Weak. Expensive. We tried a sample a while back and Ethan thought it was too easy.

Saxon
Straightforward, which is good, but jumps around. The absolute #1 reason it's scratched is that it teaches the how and not the why. It teaches the how really well, but math isn't about memory work, it's about application.

Keys to Algebra
Excellent for teaching algebra, but not a lot of built-in review requiring them to draw from previous math knowledge in real-world situations. It sounds like more of a tutor for helping a student progress through rough patches.

Life of Fred
This might make me sound evil, but I'm suspicious of anything this fun. Every review I read mentions how FUN! (yes, with the apostrophe) this program is. Some "wordly" elements apparently make their way in, though nothing that will leave them utterly shocked. For examples see Maureen's blog. I wish I could tell you more about the content, but very little is mentioned in reviews other than how FUN! it is. The cheerleader-with-pom-poms atmosphere in the reviews makes me want to run, though it might be an absolutely fantastic program that we're missing out on.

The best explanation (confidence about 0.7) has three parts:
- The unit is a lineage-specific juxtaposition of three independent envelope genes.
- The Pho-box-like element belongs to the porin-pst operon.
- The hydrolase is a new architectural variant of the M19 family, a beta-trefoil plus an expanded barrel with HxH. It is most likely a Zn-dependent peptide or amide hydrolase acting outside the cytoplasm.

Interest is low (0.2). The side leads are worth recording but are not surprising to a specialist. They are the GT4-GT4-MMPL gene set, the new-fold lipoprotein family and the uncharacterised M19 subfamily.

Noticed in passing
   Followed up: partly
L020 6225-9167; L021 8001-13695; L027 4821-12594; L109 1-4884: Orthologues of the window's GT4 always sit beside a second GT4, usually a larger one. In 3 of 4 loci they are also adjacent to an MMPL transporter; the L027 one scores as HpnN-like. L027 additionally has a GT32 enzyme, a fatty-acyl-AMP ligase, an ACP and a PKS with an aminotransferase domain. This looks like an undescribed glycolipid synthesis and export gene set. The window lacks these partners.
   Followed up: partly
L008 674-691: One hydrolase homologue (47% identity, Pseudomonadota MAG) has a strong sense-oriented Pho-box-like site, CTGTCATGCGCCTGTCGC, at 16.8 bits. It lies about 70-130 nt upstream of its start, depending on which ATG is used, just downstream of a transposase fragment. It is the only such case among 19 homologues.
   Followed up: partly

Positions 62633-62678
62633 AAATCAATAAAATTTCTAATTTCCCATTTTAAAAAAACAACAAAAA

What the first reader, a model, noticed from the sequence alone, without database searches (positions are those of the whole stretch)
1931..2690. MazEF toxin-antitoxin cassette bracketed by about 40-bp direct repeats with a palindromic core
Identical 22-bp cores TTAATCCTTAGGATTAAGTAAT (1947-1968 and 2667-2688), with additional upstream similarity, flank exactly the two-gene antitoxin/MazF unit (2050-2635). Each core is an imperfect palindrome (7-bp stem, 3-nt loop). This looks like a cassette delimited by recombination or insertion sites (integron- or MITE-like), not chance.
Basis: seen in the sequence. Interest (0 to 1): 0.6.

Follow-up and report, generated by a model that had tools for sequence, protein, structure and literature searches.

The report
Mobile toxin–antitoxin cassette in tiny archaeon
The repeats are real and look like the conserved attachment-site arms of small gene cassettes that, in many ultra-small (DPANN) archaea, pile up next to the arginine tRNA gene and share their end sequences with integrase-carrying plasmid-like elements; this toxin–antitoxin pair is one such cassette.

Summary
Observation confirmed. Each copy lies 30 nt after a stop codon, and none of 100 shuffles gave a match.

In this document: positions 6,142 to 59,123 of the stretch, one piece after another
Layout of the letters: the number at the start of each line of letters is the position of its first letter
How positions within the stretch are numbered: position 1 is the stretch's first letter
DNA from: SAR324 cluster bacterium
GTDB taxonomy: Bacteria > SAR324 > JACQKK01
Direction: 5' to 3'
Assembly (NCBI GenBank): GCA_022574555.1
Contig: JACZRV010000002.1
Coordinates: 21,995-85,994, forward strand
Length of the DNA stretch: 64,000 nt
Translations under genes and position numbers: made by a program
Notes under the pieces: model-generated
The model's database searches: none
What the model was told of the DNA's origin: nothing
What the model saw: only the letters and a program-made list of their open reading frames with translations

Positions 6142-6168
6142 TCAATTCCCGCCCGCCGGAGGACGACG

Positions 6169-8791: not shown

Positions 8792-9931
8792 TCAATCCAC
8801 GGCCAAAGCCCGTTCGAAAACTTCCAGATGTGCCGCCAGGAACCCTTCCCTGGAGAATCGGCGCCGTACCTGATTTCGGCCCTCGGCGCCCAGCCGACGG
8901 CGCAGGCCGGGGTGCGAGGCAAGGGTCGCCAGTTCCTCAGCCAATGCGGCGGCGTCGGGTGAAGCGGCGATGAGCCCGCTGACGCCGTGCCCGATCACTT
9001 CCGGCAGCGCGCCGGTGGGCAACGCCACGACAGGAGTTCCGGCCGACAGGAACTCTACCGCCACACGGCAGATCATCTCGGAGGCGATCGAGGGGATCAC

Now we're down to the ones that I'm still mulling over:

Foerster
Sounds strong in formal 2-column proofs, something lacking in every single curriculum shared above. It is a rigorous program that conveys ideas well. DVD's are available if desired. There is no geometry program in the Foerster's line-up, so another author would need to be found for that year's work.

Dolciani's Algebra Structure & Method
1985 or earlier....that's the downside. I can find the books for less than a dollar, but the teacher's editions are harder to hunt down. These rate rather evenly with Foerster's, though I'm not certain on it's strength in proofs.

MEP